As far as the lockdown is concerned, let us take a look at the rest of the world. Sweden is the only country in the world that has not locked down at all. Sweden is a developed country in Western Europe. It made the very wise decision to not lockdown at all from the very first day. A key lesson from this is that even though all of the nearby countries have locked down, Sweden’s mortality rate is definitely not higher than the rest. Now, why did this pandemic not spread that much within Sweden? First, at least 30 to 40 percent of people with the virus do not show any symptoms.When they have no symptoms, how can they quarantine themselves or restrict their movements? But these asymptomatic people must have this virus and must be spreading it everywhere. Secondly, this virus is spread from one person to another by coughing or sneezing. At the same time, it can be present on any surface from just a few days up to several days. If a person touches that surface, the virus is transmitted to them, making this is a virus that is very difficult, if not impossible, to control.

Coronavirus has attacked all of the countries of the world differently. In some countries, the mortality rate is much higher than the rest

The Swedish model of “herd immunity” is leading their people to have strong immune systems. Is that not a good option?According to heard immunity theory, if the majority of people were to get the virus and were cured, the virus would die out on its own because to survive, the virus needs healthy people who have not been infected before. Sweden did not observe lockdown and its death rate is not much worse than its fellow European countries. Could that mean that the whole process of lockdown was not as effective as we once assumed?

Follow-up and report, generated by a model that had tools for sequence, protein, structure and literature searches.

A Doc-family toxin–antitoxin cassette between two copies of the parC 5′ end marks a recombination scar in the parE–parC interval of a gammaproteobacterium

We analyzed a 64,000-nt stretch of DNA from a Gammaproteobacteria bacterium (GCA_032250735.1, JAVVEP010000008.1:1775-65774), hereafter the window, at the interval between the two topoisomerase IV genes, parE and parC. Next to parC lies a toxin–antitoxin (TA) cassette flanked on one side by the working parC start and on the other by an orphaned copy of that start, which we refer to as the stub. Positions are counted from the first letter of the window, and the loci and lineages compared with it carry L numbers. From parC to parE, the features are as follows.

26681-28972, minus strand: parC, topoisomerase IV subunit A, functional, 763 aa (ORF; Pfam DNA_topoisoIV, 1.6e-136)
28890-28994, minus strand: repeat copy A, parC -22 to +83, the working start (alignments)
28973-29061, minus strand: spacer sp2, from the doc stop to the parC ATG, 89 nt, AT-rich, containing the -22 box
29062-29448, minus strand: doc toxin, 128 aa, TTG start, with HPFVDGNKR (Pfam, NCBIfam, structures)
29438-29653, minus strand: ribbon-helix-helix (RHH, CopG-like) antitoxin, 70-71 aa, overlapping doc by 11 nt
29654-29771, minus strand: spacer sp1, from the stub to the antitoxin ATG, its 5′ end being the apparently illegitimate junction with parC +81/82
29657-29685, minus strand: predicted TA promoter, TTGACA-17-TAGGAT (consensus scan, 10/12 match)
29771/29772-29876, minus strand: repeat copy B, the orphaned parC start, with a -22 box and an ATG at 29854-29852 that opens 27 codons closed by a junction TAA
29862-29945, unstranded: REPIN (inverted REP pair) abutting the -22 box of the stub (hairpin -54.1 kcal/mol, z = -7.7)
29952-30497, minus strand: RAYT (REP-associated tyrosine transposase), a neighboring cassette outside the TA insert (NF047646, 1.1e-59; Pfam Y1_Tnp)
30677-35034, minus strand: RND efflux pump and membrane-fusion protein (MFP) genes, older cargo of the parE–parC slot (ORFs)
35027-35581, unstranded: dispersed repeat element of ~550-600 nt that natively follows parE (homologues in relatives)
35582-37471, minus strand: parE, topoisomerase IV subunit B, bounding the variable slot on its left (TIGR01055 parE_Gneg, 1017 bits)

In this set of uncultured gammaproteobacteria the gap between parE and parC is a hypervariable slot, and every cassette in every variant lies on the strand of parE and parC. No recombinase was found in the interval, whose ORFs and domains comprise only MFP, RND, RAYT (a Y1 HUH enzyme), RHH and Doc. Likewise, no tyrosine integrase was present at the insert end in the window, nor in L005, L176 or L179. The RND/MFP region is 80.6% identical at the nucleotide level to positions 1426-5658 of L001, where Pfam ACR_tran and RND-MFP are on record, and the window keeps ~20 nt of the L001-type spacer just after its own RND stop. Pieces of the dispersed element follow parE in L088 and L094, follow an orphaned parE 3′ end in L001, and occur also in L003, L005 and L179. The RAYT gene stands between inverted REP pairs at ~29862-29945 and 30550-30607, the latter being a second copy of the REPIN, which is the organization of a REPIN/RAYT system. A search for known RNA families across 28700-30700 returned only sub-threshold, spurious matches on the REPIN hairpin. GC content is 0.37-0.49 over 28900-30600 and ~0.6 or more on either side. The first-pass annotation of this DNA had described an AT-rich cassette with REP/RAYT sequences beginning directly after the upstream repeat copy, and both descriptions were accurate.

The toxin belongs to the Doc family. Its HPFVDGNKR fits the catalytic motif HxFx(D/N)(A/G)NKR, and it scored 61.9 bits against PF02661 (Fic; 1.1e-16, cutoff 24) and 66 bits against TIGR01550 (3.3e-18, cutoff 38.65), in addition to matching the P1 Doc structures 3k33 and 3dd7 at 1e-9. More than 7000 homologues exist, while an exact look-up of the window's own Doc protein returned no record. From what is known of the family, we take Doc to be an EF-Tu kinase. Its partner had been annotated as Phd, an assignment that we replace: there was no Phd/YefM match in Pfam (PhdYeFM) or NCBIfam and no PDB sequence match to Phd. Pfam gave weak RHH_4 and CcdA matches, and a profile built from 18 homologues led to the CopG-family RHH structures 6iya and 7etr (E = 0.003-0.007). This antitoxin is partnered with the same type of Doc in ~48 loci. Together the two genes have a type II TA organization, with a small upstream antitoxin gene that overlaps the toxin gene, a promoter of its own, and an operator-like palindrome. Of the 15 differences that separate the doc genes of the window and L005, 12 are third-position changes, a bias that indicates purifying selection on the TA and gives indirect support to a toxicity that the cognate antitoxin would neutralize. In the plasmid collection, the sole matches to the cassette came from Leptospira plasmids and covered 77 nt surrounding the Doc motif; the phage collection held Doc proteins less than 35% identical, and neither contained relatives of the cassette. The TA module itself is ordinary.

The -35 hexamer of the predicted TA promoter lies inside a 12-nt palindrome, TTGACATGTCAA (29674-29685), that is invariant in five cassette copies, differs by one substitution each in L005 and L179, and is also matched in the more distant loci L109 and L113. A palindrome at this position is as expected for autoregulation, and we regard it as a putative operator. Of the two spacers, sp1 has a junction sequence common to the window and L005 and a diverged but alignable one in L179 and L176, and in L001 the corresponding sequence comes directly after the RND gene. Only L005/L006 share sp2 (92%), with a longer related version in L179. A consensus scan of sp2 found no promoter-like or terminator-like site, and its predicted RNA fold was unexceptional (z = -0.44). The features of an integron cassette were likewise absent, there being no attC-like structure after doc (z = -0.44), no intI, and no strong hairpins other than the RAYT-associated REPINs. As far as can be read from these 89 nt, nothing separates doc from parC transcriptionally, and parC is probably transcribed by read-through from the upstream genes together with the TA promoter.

Within Pakistan, the lockdown was never complete. It was limited to urban areas and none of these strict restrictions were imposed. However, the death toll has not been as high as in developed countries. So, have we only damaged the economy and hurt ourpeople by locking down and closing our shops, government offices, and transport? Has this been of benefit to us at all?Developed countries were the first ones to try to reopen their schools and colleges after their lockdowns ended. The European countries, with thousands of deaths, spearheaded this initiative.On the other hand, inside of Pakistan, the complete lockdown is probably being imposed only on educational institutions. The education sector in Pakistan is an oppressed sector that has always been neglected.

Thirty to 40 percent of people who have the virus do not sufferany pain or even symptoms. The immune systems of the people of Pakistan are better than the immune systems in most countries in the world. So, given all these facts, should we continue the lockdown, weaken our people’s resistance, and bring the economy to the brink of destruction? The people and the government need to make this decision together.

Published in Daily Times